The conclusion that the disproportionate advanced booking indicates capacity constraints is reinforced by CSRs’ practice of informing callers to call seven days in advance and by public information distributed by Mini Ride that encourages advance reservations.  In our experience, transit providers with insufficient capacity often encourage riders to book trips earlier than legally required.  Unfortunately, advising riders to make reservations so far in advance is contrary to 49 C.F.R. § 37.131 (b), which requires transit agencies to make paratransit service available to eligible riders who request service the previous day.

ABQ should resolve its apparent capacity problem by increasing trips, hiring more drivers, acquiring more operational vehicles or some other means that directly addresses capacity.

Additional Reporting: Please describe your efforts to instruct CSRs not to inform riders that they need to call seven days in advance of a trip.  Also indicate whether you expect any increases in service capacity, as will be described in your responses to Findings D.5 and D.6, to eliminate the apparent need for riders to call seven days ahead.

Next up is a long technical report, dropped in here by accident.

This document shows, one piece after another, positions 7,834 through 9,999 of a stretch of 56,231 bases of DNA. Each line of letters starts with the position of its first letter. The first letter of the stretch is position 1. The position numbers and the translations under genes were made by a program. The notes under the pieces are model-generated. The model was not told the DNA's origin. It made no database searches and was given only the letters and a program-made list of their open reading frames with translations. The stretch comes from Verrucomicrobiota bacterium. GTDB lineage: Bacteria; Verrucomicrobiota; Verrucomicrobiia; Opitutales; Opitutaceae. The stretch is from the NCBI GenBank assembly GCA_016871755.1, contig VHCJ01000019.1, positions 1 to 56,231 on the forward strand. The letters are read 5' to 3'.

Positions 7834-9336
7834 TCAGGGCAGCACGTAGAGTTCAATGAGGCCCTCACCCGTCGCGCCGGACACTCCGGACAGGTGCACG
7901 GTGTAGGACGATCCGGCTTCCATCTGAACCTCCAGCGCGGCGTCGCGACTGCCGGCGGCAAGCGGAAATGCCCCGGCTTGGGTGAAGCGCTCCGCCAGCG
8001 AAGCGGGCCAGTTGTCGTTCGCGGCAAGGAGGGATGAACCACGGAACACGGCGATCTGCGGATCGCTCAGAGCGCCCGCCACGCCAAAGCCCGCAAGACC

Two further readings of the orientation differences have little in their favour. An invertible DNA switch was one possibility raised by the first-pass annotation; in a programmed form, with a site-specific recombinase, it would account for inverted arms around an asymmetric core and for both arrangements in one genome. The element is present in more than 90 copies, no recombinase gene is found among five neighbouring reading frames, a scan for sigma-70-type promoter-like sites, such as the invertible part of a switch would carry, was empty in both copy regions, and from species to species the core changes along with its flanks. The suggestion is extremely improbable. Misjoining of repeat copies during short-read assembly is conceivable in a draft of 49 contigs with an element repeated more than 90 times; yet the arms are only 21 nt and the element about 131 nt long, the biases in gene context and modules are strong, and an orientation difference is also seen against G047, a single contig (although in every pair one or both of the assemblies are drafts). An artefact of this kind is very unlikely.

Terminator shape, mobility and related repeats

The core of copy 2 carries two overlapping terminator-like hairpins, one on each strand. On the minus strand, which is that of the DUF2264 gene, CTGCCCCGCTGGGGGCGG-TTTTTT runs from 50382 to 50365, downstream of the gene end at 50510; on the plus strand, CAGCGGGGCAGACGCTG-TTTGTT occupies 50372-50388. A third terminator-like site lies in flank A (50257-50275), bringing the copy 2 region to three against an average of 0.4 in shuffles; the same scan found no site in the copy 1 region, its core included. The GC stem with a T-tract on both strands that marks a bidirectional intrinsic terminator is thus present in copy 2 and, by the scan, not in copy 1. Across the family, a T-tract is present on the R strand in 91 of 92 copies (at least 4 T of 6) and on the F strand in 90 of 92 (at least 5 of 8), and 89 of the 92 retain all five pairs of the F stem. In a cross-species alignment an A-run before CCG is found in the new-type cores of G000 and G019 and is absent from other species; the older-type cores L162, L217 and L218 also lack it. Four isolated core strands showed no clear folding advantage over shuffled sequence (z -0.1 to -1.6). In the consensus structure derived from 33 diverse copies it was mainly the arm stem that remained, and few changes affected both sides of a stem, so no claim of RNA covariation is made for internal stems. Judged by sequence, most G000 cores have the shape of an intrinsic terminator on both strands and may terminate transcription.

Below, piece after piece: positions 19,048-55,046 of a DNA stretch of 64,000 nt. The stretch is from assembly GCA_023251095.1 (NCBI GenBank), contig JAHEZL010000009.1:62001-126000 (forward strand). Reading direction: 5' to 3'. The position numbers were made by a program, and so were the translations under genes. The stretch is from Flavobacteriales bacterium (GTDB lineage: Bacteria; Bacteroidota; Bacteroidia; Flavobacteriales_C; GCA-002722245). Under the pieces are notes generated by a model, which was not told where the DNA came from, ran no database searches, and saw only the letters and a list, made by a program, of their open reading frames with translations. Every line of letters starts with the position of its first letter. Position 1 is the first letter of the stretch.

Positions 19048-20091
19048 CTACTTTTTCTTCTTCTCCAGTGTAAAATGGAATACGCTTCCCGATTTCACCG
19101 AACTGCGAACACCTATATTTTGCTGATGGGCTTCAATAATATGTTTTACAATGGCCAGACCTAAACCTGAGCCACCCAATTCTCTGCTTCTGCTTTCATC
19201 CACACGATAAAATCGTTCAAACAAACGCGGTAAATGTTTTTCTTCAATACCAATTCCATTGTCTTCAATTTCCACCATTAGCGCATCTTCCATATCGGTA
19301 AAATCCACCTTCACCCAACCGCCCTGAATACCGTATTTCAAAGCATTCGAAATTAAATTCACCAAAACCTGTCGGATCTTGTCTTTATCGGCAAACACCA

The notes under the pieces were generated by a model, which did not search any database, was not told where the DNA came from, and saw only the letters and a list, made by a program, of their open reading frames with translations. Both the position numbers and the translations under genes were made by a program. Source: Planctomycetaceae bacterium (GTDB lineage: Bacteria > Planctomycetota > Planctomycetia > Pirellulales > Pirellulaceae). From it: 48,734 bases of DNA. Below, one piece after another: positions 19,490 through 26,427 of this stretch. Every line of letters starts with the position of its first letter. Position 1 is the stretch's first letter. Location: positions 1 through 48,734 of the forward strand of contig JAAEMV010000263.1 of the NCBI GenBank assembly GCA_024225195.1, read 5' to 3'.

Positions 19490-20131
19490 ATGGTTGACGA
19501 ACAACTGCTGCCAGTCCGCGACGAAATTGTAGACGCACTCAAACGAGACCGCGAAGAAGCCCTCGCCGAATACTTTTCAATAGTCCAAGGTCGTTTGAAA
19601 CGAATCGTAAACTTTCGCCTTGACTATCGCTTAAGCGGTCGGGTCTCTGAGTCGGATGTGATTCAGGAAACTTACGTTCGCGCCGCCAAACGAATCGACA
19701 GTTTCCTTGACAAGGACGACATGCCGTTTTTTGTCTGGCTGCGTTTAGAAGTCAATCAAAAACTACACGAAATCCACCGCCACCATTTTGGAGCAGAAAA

E. Service Performance

1.   Finding:  At the time of the review, the City was not regularly monitoring on-time performance or generating regular on-time reports.  Regular monitoring of on-time performance is vital for ensuring service quality and compliance with established service performance goals.

Corrective Action Proposed by ABQ:  Prior to leaving ABQ Ride in June 2005 ABQ Ride’s Operations Manager Annette Paez ran 100 % six-day surveys to insure on time performance was monitored. In returning to the position of Operations Manager Ms. Paez will resume the six-day report monitoring.

Additional Reporting:  Please indicate how regularly these reports will be run and analyzed.  Describe how you plan to use the report findings to adjust operations and resource/staff allocations, if needed, to improve on-time performance.

6.   Finding:  The City standard for travel time is that no Mini Ride trip should exceed 60 minutes.  The City, however, does not regularly track or analyze Mini Ride on-board travel times.

Corrective Action Proposed by ABQ:  Prior to leaving ABQ Ride in June 2005 ABQ Ride’s Operations Manager Annette Paez ran 100 % six-day surveys to insure on time performance was monitored. In returning to the position of Operations Manager Ms. Paez will resume the six-day report monitoring.

Clarification of Corrective Action:  The response does not address the finding, which was focused on on-board travel time, not on-time performance.